In order to create the ultimate in self-driving cars, we first need to create the ultimate artificial intelligence. But what does that mean?
Last week we took a closer look at autonomous vehicles and how close they are to being production-ready.
While there are different thoughts on when we might reach that point, we believe that it is still some way off simply because of fallback performance. In case you missed that definition, it basically boils down to who or what is to blame in case of an accident.
The result of that is various levels of autonomy, mostly defined by how much driver input is needed. The ultimate goal is Level Five, in which there is no driver and only passengers. And though you may have read about experiments taking place across the globe, none of those cars are running around without a driver behind the wheel.
Strong and weak
It seems even the scientists in charge of creating and defining such things can’t agree. Elon Musk and a few other hyper-intelligent people started the non-profit OpenAI in 2015 to ensure artificial general intelligence was created to the benefit of humanity. We’ll get to the “general” part of that sentence in a while, but for now the most agreed-upon definition of Artificial Intelligence (AI).
The most basic definition of AI is the imitation of human intelligence. It seems like an easy thing to mimic, until you factor in that all of human intelligence includes emotion, reasoning, self-correction, self-awareness and the ability to learn from mistakes.
Because of that, AI generally falls into two categories – strong and weak.
A form of weak AI is most likely within reach of where you are right now. The voice activated personal assistant that came standard with your phone is the perfect definition of weak AI. Though it may seem this function can do a lot, its functional scope is actually rather narrow. Sure, it can navigate you home, or make a dinner reservation or send a message on your behalf, but can it choose between life or death?
That’s where strong AI comes in. Strong AI is basically a machine that is able to find a solution to a problem without human intervention, which means it doesn’t actually exist. The most impressive AI feat thus far was when a machine solved a Rubik’s Cube with a robotic hand.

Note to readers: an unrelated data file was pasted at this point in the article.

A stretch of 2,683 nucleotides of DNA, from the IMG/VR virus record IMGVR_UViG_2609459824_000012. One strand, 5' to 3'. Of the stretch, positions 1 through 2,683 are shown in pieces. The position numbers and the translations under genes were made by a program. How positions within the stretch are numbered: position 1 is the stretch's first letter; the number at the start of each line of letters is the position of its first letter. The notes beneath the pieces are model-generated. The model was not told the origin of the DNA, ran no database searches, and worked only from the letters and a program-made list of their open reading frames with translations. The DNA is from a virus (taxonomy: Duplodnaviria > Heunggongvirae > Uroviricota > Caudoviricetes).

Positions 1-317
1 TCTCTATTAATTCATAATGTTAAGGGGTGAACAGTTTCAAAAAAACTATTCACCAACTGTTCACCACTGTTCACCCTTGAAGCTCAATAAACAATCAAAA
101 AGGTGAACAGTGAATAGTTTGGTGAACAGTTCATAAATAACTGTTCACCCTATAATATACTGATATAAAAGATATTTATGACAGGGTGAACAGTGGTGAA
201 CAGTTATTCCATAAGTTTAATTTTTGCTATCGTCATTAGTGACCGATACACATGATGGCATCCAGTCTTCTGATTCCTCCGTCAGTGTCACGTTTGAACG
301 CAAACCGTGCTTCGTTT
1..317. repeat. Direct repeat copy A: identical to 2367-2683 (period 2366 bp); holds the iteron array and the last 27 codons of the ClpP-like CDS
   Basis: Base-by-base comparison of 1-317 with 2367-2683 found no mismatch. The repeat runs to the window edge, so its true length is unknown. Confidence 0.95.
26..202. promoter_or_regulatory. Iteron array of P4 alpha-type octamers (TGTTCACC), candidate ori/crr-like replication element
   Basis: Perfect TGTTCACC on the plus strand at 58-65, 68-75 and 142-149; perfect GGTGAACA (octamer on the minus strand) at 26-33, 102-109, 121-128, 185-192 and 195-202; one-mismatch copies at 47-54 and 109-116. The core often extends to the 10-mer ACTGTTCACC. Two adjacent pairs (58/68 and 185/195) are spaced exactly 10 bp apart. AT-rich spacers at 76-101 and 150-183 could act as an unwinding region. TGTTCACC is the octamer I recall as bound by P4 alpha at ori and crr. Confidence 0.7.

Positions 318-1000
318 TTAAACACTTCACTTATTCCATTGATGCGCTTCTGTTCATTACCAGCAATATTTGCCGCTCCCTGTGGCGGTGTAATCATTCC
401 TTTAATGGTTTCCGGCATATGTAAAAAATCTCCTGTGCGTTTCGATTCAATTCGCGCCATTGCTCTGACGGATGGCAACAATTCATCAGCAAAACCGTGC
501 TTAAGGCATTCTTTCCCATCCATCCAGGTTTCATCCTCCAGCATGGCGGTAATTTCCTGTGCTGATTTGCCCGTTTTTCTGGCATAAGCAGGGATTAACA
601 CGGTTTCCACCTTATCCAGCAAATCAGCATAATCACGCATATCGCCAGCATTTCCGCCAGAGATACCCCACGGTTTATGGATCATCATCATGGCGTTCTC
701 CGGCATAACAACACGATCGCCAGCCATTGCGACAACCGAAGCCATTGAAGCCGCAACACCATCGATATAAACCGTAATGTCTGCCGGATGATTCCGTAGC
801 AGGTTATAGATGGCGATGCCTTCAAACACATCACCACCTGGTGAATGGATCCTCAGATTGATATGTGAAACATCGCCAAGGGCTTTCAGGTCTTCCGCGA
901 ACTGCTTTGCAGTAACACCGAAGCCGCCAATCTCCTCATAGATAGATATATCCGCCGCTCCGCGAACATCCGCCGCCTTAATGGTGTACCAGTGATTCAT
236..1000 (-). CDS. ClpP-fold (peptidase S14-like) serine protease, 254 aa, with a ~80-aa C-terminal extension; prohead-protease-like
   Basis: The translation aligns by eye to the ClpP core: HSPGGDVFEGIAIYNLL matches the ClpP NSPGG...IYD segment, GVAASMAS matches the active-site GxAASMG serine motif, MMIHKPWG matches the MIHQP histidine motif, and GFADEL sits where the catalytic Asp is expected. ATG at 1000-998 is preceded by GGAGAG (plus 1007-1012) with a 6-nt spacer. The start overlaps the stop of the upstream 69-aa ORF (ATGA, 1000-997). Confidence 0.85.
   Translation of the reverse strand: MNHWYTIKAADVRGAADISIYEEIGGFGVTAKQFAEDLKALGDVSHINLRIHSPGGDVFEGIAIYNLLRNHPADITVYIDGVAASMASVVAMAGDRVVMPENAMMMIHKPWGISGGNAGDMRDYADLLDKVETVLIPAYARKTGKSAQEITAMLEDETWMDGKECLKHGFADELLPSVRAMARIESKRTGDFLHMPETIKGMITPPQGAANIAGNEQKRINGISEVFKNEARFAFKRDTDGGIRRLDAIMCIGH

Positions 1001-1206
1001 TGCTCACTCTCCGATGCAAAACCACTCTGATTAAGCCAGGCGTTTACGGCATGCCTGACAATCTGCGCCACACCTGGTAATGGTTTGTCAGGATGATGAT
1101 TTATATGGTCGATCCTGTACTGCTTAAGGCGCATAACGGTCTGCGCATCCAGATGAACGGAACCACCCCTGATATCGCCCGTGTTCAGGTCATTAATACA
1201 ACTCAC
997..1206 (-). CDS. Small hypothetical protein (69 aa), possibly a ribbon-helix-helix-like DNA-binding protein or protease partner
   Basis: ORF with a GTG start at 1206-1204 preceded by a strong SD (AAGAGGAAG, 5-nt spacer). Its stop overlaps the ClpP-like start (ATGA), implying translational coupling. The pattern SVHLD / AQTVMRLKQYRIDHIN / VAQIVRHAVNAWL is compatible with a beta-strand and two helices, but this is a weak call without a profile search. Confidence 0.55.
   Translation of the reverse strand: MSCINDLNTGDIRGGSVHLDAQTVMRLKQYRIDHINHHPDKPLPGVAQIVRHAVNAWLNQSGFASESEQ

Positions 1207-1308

Strong AI is nothing more than theoretical at this stage. Also known as True Intelligence or Artificial General Intelligence, genuine strong AI would be required to reason, solve problems, plan, learn, execute, communicate and make judgement calls. It’s also required to be objective and sentient (perceive or feel) and sapient (wise). Whether it will ever be developed is controversial. Some think it’s as close as 2035, while others think it will be some time this century. There are those who think it will never come to fruition and those who actively campaign against it.
Artificial General Intelligence
There have been multiple claims of real artificial intelligence over the years. Computers have been taught how to play chess, gamble and even argue on Twitter. In essence, however, these skills are nothing more than a series of ones and noughts programmed by a person. These forms of AI are extremely good at sifting through a lot of data and it can come up with solution, but when you boil it down to basics it’s nothing more than a computer that has been given a set of parameters that were pre-programmed beforehand.
Artificial General Intelligence is the next big step, because it would be equal to human intelligence.
Steve Wozniak (co-founder of Apple) is a big supporter of the coffee test. A machine with intelligence equal to that of a human would be able to go into a strange house and make a cup of coffee. Sounds simple, right? A machine could easily be programmed to do the bunch of individual tasks to complete the mission, but throw them all together and it’s daunting. It would have to guess where the ingredients are, how much to use, etc. These are all tasks that would be easy to the average human.
What about cars?
All of this leads us to how AI could be used in cars. The only artificial intelligence currently in use are basic soft systems. The main thing standing in the way is that artificial general intelligence just doesn’t exist and even if it gets to that point, what will the universal moral code be. The last Moral Machine survey conducted in 2018 put 13 scenarios in front of people. In every one at least one person’s life wasput at risk and the results were shocking. Just from a cultural and geographical standpoint the results varied drastically.
Just imagine you were the driver of a car about to be involved in what might be a fatal accident. Do you swerve to the right where an elderly gentleman is walking his dog, or do you swerve to the left where a young jogger is running? Or do you sacrifice yourself and go straight on? It might be an easy answer for you, no matter what it is, but getting a machine to make that choice is anything but.
And it doesn’t seem like that’s going to change anytime soon.